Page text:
A term coined by Ulric Neisser to describe the auditory equivalent of iconic memory, the other main component of sensory memory. Echoic memory refers to the 'echo' that remains in your head after the original sound has ended. This is separate from the acoustic code in short-term memory and the Phonological Loop in Working Memory. This is the actual presence of the sounds in your brain, and it only lasts for 2-3 seconds. If you wish to remember a sound for longer than that, you must store it in a more permanent type of memory.

Echoic memory is very good at catching a lot of different stimuli, but you can only retrieve about 5 items from it once you pick what to focus on.

Once your brain selects the important bits from your echoic memory, it plays an initial replay in your short-term memory, where it may be rehearsed with with your acoustic code until it enters your long-term memory.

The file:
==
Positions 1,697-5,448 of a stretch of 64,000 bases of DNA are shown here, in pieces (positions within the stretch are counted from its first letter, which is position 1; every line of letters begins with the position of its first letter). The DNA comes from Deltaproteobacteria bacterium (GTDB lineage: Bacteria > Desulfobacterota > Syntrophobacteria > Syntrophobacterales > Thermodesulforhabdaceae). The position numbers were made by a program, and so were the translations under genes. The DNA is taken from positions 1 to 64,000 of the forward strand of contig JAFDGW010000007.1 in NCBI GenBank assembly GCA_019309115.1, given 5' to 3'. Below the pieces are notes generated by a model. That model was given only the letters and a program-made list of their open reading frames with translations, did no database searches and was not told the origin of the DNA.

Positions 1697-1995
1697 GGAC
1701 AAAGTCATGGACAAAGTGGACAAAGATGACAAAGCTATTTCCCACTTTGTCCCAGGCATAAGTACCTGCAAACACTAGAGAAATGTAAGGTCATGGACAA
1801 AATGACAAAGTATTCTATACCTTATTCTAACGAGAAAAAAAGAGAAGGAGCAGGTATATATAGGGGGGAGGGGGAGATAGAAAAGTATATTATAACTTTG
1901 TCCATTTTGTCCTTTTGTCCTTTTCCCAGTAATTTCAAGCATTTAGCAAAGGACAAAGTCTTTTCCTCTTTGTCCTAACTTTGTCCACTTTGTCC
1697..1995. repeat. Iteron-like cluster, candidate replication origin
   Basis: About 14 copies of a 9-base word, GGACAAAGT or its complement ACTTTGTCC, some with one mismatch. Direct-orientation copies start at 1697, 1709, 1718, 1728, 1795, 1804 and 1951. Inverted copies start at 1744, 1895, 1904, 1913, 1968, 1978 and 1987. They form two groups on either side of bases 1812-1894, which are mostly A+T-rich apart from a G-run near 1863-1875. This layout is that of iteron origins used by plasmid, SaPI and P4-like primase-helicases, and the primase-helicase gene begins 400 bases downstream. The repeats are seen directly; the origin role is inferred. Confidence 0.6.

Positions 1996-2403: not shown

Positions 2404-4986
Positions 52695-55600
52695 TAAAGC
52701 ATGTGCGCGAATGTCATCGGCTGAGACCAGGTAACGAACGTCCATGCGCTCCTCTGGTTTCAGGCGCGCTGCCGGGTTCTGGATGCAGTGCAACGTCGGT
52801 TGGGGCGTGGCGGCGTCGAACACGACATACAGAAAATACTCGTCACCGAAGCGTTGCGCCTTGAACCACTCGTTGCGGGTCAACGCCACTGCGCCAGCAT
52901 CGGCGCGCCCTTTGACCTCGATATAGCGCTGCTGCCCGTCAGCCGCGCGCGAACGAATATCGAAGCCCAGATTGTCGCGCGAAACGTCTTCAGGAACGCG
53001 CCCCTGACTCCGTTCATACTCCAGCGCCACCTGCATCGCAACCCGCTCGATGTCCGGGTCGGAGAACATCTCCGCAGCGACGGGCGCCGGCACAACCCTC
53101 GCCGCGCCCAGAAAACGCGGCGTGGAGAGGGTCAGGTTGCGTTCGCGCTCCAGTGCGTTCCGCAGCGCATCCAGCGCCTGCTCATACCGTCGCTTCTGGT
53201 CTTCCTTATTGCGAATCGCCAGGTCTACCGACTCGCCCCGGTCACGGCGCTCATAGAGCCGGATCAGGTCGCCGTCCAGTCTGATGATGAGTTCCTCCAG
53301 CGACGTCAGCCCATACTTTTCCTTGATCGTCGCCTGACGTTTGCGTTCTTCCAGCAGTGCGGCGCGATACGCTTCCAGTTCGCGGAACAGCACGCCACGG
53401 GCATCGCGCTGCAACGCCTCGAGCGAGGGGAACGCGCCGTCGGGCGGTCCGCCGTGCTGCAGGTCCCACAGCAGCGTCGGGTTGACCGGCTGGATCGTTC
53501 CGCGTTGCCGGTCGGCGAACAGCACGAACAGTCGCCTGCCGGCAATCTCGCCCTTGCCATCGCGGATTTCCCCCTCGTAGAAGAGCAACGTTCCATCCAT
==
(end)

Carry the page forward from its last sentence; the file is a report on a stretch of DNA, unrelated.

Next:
Years ago, I lived in a "bad neighborhood", and I often heard gunshots. One evening, I heard a series of gunshots, closer than usual: Within a block or so. Even a wuss like me gets blasé about these things after a few years, but this was close enough to give me pause. The shots were very rapid and they were over by the time I started to think about it. So I stopped whatever I was doing and "replayed" the shots: There were five of them, like so: "Bam, ba-bam-bam, bam", if memory serves: I rehearsed it repeatedly, rather struck by the fact that I'd been able to retrieve it. I may have the rhythm wrong after all this time, but there were five of them1.

For what it's worth.

1 I called 911 and they said, "shots fired in West Philly? You don't say! What'll they think of next?" Oh, well.

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